Monday, April 23, 2012

The Online Persona of Jon Stewart According to the Media

After watching the video on Jon Stewart and his criticism of CNN’s Crossfire, I watched another video of an interview of him on Fox News with Chris Wallace.

Jon Stewart represents himself as a comedian, a satirical commentator that sheds a different perspective on the state of American media not for a political agenda, but to expose the absurdity that surrounds the body of politics and representation of media. 

Fox News, on the other hand, believes that Stewart represents himself as a political commentator trying to be an expert on what they believe he isn’t an expert in.

Even though we, as consumers of media,  are given the materials to determine how his representation affects our views on politics, through logical arguments and evidence presented on both sides, I think  our decision to form an well-informed opinion would all come down to how the argument is presented.  Stewart carries himself through very simple logical explanations, while Fox New’s commentator, Chris Wallace, instead of critiquing the argument at hand, puts his focus on Stewart and tries to classify him as a certain identity.  Chris Wallace uses the fallacy of the Straw Man for his argument.  Instead of dealing with the issues, he presents information to try and discredit Stewart and create an image of Stewart that is not what he represents himself as.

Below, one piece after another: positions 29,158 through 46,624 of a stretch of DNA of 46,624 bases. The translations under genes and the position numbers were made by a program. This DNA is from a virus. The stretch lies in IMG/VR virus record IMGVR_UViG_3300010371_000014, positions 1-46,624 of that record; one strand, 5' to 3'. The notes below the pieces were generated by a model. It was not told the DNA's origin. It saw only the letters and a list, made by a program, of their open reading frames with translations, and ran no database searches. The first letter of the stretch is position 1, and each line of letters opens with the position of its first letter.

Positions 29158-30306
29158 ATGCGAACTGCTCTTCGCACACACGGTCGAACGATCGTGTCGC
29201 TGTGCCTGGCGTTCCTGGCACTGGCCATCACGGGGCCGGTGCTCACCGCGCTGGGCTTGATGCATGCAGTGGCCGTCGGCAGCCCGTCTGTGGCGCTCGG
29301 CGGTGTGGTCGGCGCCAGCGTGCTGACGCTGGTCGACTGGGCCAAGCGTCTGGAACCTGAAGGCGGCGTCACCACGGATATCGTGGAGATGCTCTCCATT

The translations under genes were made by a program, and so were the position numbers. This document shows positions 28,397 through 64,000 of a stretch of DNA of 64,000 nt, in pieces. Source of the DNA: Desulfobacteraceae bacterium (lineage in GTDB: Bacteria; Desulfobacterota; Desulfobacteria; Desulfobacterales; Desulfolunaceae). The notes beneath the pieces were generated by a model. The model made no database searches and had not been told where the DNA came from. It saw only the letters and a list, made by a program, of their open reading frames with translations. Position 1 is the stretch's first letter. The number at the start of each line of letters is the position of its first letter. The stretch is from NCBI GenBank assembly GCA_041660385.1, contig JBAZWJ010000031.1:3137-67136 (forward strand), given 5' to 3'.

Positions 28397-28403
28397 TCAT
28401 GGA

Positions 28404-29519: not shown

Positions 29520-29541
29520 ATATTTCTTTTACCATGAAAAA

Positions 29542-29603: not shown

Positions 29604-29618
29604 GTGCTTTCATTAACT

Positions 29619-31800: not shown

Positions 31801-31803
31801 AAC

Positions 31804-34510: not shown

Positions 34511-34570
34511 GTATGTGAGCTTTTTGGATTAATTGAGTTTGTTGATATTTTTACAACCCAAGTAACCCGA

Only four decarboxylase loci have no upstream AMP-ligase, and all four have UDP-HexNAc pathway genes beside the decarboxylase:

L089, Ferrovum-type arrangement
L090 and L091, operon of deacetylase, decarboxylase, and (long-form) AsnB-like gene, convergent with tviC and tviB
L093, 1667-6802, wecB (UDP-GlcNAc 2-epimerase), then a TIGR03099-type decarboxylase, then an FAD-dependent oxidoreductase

There is obviously a mismatch in what is being argued between Stewart and Wallace.

So how do these views of Jon Stewart’s persona appeal to the public and how do we really see Jon Stewart?

Like what was reiterated in Stewarts interview with Crossfire, Jon represents the voice of many citizens that are displaced.  He says “I represent the distracted center….My comedy is not the comedy of the neurotic. It comes from the center. But it comes from feeling displaced from society because you’re in the center. We’re the group of fairness, common sense, and moderation…We’re clearly the disenfranchised center…because we’re not in charge. (Stewart quoted in Jones: 114-15)” (Boler).

His words are not far from the truth to me.



  1. I think you do a good job connecting specific evidence from the Stewart Crossfire appearance (with a link to the actual video) and a specific passage from the Boler article, but I'd like to see you develop a stronger thesis in your blog posting, with a more focused beginning, middle, and end. You also want to provide more specific links to material and more framing of the story for currency and timeliness. And don't forget to add tags!

  2. I feel this is a very effective and engaging critique of Jon Stewert and Wallace of FOX to show that this interview needed to be read in between the lines in order to get the full gist of what was happening. However, I feel this story has little connection to our class discussions, maybe relate this analysis to how digital journalists portray themselves generally in media?